10 Natural Tips for Healthy Hair

April 27, 2013 | By | 2 Replies More

Flickr - long hair - kelsey_lovefusionphotoRural Spin
Waking Times

Long, flowing, thick locks used to be much more common than we see today. Some practices that promoted long hair, like washing hair once a week, are not things we’re likely to return to anytime soon. But we can look to the past and bring forth the best of natural hair care practices to make the most of what we have. Try these 10 hair care tips to minimize breakage, maximize growth, and maintain it once you get it:

1) Brush your hair 100 times a night

There’s a reason for the old wives tale to brush your hair 100 times a night; it’s very beneficial to hair health. Brushing your hair with a good quality brush from root to tip distributes your hair’s natural oils down the hair shaft and makes hair shinier, more manageable, and less prone to breakage. In fact you might be able to eliminate some hair-care products if you devoted time to brush the 100 strokes as recommended. Be sure you start your brushing at the bottom of your hair, and gradually work your way up; this will allow you to gently remove and tangles until you’re just smoothly brushing from root to tip.

2) Use a boar bristle brush

Don’t use just any brush for your 100 strokes…use a boar-bristle brush. Boar bristle brushes are more expensive than synthetic brushes, but they are densely packed on the brush and last for years. This dense construction is the secret to their being able to remove dirt, dust, and debris from hair and move your natural oils along the hair shaft, essentially giving the hair a bit of cleaning without the shampoo (you’ll want to clean your boar bristle brush regularly because of this). Boar bristle brushes have tough but flexible bristles that are wonderful for taming and smoothing even curly hair. And don’t worry, they won’t rip your hair out as long as you start at the bottom and slowly move your way up until you can stroke smoothly from root to tip.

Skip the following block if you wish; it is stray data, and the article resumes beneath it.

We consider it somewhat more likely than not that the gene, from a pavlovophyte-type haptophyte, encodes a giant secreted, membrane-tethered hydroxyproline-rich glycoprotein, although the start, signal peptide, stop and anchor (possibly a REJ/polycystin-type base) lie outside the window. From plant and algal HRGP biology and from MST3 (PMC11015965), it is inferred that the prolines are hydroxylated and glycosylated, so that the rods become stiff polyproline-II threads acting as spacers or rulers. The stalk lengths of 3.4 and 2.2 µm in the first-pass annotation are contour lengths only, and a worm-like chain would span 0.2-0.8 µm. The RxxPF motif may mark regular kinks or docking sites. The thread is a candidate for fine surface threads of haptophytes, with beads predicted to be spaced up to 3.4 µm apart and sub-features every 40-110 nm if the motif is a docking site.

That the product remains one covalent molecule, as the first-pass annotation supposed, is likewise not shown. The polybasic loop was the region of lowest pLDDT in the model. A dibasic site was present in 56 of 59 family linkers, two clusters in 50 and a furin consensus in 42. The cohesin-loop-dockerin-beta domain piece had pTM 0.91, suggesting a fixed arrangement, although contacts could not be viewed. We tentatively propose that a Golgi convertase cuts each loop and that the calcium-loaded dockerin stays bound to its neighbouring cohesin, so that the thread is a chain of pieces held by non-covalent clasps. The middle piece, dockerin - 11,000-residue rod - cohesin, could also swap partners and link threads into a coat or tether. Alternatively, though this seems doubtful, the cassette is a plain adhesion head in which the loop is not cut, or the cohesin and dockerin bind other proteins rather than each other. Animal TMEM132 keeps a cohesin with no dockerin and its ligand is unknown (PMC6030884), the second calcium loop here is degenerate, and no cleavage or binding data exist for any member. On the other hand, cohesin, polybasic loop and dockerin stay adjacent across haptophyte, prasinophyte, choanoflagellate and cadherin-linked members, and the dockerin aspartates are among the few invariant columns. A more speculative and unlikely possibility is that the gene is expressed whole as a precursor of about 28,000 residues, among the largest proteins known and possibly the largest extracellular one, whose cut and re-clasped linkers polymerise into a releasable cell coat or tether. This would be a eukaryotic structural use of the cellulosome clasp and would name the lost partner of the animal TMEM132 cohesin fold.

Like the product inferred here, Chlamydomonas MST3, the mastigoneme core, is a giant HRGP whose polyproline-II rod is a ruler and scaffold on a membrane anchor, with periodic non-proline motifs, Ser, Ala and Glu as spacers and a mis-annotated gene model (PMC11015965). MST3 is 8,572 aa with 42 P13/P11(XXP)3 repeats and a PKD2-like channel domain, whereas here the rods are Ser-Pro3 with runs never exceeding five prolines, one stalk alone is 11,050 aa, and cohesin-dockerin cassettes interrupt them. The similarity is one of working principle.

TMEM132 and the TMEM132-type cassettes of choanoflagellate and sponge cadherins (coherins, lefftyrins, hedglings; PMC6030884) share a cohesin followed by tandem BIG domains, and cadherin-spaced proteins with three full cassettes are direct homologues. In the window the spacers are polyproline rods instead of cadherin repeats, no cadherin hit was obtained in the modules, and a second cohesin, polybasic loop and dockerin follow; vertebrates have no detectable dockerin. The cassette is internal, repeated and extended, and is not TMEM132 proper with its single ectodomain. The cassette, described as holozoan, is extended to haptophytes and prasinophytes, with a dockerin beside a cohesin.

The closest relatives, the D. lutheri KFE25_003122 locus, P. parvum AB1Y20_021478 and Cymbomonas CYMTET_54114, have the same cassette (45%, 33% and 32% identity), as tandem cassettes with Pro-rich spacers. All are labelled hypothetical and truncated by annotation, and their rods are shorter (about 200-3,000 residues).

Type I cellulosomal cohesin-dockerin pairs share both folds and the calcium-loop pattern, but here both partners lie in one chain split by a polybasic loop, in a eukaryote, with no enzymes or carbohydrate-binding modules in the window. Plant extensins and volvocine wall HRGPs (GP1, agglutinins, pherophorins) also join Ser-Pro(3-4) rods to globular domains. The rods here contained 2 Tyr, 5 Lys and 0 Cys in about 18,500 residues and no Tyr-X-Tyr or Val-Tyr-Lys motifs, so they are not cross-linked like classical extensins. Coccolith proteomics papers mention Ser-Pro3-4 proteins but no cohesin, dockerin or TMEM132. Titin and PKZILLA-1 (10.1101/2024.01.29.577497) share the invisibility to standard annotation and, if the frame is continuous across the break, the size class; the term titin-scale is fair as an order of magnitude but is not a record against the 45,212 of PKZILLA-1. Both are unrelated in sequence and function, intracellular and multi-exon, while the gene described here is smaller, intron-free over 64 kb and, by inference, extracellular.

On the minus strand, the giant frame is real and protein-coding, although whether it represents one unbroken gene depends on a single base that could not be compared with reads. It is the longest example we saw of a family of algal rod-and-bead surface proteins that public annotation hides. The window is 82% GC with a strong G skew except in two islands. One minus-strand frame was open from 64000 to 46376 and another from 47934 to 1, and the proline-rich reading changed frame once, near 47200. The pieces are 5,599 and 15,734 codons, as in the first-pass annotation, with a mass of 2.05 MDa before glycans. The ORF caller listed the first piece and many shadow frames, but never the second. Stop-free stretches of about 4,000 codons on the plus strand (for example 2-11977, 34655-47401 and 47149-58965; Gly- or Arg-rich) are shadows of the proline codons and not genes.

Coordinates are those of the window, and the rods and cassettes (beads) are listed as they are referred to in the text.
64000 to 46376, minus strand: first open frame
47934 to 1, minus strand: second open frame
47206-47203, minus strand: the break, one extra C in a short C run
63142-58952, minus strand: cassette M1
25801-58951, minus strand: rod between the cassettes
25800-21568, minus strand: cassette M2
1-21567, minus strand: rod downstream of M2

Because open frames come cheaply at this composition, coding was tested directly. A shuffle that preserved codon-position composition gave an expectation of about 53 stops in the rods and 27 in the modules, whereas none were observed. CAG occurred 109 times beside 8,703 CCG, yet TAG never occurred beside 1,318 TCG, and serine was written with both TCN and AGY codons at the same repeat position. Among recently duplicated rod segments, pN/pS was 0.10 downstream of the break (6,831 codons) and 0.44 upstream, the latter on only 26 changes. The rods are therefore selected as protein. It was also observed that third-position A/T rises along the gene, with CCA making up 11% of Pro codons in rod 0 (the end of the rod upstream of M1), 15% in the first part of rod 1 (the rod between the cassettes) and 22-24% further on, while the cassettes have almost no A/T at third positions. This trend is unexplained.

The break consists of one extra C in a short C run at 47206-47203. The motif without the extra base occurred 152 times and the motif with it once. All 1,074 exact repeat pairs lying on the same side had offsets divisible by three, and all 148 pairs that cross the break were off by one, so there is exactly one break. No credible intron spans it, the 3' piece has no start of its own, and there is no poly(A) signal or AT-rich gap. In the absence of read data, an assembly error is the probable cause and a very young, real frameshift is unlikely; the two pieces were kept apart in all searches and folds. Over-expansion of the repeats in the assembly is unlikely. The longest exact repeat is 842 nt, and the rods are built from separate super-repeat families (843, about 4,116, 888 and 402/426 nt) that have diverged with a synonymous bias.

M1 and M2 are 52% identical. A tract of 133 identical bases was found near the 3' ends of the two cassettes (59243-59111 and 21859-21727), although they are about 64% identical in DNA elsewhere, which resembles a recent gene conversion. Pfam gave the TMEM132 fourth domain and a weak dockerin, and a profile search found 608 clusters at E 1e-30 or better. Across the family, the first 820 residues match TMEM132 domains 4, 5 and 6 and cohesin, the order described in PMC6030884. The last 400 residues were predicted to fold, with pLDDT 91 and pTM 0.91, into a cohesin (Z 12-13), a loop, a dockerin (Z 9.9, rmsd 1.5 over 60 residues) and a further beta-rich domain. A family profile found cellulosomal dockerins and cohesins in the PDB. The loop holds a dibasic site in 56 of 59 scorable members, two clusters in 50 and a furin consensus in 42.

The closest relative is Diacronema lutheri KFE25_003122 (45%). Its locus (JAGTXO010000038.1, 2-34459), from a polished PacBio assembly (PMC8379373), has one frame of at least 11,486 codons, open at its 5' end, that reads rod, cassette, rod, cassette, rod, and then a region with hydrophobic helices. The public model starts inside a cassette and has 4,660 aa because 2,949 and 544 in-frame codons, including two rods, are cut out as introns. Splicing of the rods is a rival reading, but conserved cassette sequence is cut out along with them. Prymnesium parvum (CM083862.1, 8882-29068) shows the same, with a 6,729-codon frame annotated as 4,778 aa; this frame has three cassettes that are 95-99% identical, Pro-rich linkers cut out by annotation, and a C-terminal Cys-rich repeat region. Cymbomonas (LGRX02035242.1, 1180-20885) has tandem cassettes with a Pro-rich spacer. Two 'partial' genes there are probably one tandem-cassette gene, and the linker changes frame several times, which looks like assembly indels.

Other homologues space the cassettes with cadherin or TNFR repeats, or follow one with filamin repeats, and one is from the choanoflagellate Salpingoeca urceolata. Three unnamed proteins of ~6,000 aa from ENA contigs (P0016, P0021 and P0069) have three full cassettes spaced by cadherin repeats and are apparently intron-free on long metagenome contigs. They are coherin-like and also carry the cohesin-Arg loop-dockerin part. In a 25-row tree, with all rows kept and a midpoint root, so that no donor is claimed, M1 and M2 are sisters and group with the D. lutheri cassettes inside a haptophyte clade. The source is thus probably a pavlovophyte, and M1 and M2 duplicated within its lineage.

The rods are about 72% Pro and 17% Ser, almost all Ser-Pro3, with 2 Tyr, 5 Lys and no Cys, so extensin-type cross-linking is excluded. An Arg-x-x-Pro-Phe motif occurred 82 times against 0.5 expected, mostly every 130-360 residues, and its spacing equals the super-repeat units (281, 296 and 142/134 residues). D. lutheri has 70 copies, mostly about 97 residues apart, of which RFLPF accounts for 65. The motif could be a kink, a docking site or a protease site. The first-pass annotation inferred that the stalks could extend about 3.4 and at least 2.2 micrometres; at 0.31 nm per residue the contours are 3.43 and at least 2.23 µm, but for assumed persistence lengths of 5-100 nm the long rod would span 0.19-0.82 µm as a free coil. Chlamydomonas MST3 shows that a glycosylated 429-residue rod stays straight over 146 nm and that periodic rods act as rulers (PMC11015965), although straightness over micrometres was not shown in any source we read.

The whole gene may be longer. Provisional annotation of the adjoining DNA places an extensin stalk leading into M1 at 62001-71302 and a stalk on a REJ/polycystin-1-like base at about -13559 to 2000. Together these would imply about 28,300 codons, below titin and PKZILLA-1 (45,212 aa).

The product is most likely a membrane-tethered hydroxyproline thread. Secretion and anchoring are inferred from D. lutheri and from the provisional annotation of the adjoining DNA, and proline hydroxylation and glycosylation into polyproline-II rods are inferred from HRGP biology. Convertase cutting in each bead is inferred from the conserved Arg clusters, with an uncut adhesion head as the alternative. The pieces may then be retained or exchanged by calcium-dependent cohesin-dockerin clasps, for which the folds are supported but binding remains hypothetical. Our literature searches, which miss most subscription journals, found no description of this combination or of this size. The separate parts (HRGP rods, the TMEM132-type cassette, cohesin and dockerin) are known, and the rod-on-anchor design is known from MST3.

3) Don’t brush your hair when it’s wet

Wet hair is weaker than dry hair, so don’t ever brush or use a fine-toothed comb on your hair when it is wet. After washing and towel drying your hair, only use a wide-toothed comb to detangle it if you must.

4) Police your commercial shampoo

Many people don’t realize the lax federal regulations regarding beauty products, including shampoos, beyond a mandatory listing of ingredients. It’s up to you to decide if the listed ingredients are safe for you. Many shampoos you buy at the store contain toxic ingredients, and don’t be fooled if the word “natural” appears on the bottle. The word “natural” is not regulated, and anyone can use the word no matter what the product contains. Artificial and drying scents, artificial colors and harmful detergents can damage hair, necessitating the purchase of additional “product” to fix that damage. Ingredients like sodium laurel sulfate, parabens, and benzyl benzoate (and similar) are just a few of the common shampoo ingredients that have been linked to cancer, skin irritation, and even birth defects.